Ministerial statement – third annual statement on veterans and their families

PDF version of this Ministerial Statement (PDF 77 KB)

I ask leave of the House to give the third annual Ministerial Statement on Veterans and their Families.

I begin by acknowledging all those in this place who have served in the Australian Defence Force and those listening by broadcast by saying simply, thank you for your service.

Following the Federal election, I was honoured to be reappointed to the Veterans’ Affairs and Defence Personnel portfolios – a responsibility I take very seriously.

I have met with thousands of serving personnel, veterans, and their families. I have listened to their stories – what’s working and what needs to improve.

The Department of Veterans’ Affairs has recognised that some veterans and their families do not have the best experience when they leave the Australian Defence Force.

However, I do want to correct some of the ongoing myths surrounding service in the ADF.

Not everyone who leaves the ADF is broken, busted and bad.

For the vast majority of people, serving in the ADF is overwhelmingly a positive experience. It’s good for the individual, it’s good for our community and it’s in our national interest.

They leave the ADF and transition into civilian life successfully, having had a career that has set them up with the skills, training and attitude to succeed.

This is clearly shown through the Prime Minister’s Veterans’ Employment Program, which has showcased the drive, entrepreneurship and leadership of our veterans.

Take Chris Mayfield OAM as an example. He is a third generation professional soldier, who transitioned in 2014 after 26 years of distinguished service.

Last year Chris won the Outstanding Contribution by an Individual to Veterans’ Employment, at the Prime Minister Veterans Employment Awards.

He transferred his skillset to help Fortescue Metals Group set-up a veteran’s employment initiative to help other veterans transfer their skills to the sector.

To date, Chris has influenced FMG to engage 92 veterans and the feedback on the skills, attitudes and contributions of the veterans has been outstanding.

Chris has not only found himself a new career, but he has also helped others to do so – good for the individual, good for the community and in the national interest.

We are also very privileged to have more than 20 Members and Senators in this place who are veterans and collectively, we are all here for the same purpose – to put veterans and their families first.

And this Government has achieved a lot, introducing and building a range of programs and services to support the health and wellbeing of veterans and their families.


Just as enlistment and basic training is an important part of the ADF, transition back into civilian life is equally important.

Every year, more than 5,500 people leave the military so improving the transition experience is vital.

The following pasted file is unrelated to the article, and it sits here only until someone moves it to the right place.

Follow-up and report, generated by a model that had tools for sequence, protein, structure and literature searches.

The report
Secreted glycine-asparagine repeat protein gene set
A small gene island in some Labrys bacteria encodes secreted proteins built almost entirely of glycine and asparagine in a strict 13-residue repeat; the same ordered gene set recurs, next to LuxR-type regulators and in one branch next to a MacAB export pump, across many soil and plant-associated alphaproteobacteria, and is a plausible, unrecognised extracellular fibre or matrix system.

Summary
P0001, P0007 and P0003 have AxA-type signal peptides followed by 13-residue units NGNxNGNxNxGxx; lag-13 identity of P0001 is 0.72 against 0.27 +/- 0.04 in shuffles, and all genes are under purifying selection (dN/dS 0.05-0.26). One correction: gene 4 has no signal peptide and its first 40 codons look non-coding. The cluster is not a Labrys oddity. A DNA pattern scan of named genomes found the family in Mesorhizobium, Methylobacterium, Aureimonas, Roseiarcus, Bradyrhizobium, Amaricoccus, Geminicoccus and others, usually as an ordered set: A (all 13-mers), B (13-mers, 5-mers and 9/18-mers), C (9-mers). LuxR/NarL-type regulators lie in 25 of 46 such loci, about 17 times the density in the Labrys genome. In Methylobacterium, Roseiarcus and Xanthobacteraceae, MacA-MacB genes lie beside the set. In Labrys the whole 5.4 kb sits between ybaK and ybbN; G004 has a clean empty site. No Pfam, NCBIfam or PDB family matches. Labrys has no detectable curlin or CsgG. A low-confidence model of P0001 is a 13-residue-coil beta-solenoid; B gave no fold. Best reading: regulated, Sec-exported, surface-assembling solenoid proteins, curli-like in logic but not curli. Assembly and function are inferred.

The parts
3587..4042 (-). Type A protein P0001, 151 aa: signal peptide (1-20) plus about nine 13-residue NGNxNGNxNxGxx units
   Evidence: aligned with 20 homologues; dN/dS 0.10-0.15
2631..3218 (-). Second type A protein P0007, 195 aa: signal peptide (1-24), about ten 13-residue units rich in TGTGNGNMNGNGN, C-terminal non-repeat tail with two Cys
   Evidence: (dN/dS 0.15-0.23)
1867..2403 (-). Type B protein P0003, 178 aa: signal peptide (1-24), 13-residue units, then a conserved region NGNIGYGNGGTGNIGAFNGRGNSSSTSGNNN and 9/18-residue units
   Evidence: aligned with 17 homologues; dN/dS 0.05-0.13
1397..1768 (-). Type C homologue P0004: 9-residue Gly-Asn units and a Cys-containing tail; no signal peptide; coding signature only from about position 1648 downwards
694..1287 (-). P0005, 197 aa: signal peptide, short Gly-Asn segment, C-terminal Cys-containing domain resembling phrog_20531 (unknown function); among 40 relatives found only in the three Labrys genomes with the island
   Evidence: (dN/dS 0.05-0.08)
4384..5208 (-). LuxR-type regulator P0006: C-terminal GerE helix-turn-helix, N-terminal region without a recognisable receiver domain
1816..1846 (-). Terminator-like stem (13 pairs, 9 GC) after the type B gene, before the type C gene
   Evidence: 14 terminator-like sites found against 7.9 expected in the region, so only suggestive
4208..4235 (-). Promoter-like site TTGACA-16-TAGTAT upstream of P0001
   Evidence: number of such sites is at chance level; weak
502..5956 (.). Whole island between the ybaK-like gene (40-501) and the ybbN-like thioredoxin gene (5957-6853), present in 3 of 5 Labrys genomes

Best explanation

The Defence post-transition survey indicates that 26 per cent of ADF members are looking for work prior to transition.

At three months post-transition this is down to 12 per cent, and by 12 months down to 8 per cent.

While the majority of personnel leaving the ADF are well prepared, it can be difficult for some and that is why from January this year, Defence has adopted a needs-based approach to individualised transition.

Regardless of time served, members can now access coaching, including career planning, full service documentation, skills recognition, resume preparation, job search programs, and financial literacy education.

Former ADF members are able to access this support, including employment support, for up to 12 months after transition.

All serving ADF members now have access to the two-day Job Search Preparation program at any time in their career.

For those personnel leaving for medical reasons with complex circumstances, Defence has introduced tailored assistance to gain civilian employment through the Transition for Employment program.

This tailored approach also includes early engagements and case management with DVA to ensure they are provided with the best support possible.

It is also important for all of us to know that the traditional view of a veteran has changed.

While some choose to stay in service for the majority of their life, the average career in the ADF is now around eight years, meaning some may be leaving at age 25 or under.

This can be an incredible shock to some and is why in January we launched the Personalised Career and Employment Program.

This program is targeted at those categorised ‘at-risk’ in the 18-24 year old cohort, who have served for less than four years and are transitioning for administrative or medical reasons.

Finding a job in civilian life is a critical step to a successful transition and one we are investing in.

I regularly see the professionalism, dedication, leadership, teamwork and the ability of our ADF personnel to work in high-pressure environments.

What employer wouldn’t want those skills in their workplace?

We all need to get the message out that employing a veteran is good for business.

Through the Prime Minister’s Veterans’ Employment Program we have introduced the Veterans’ Employment Toolkit.

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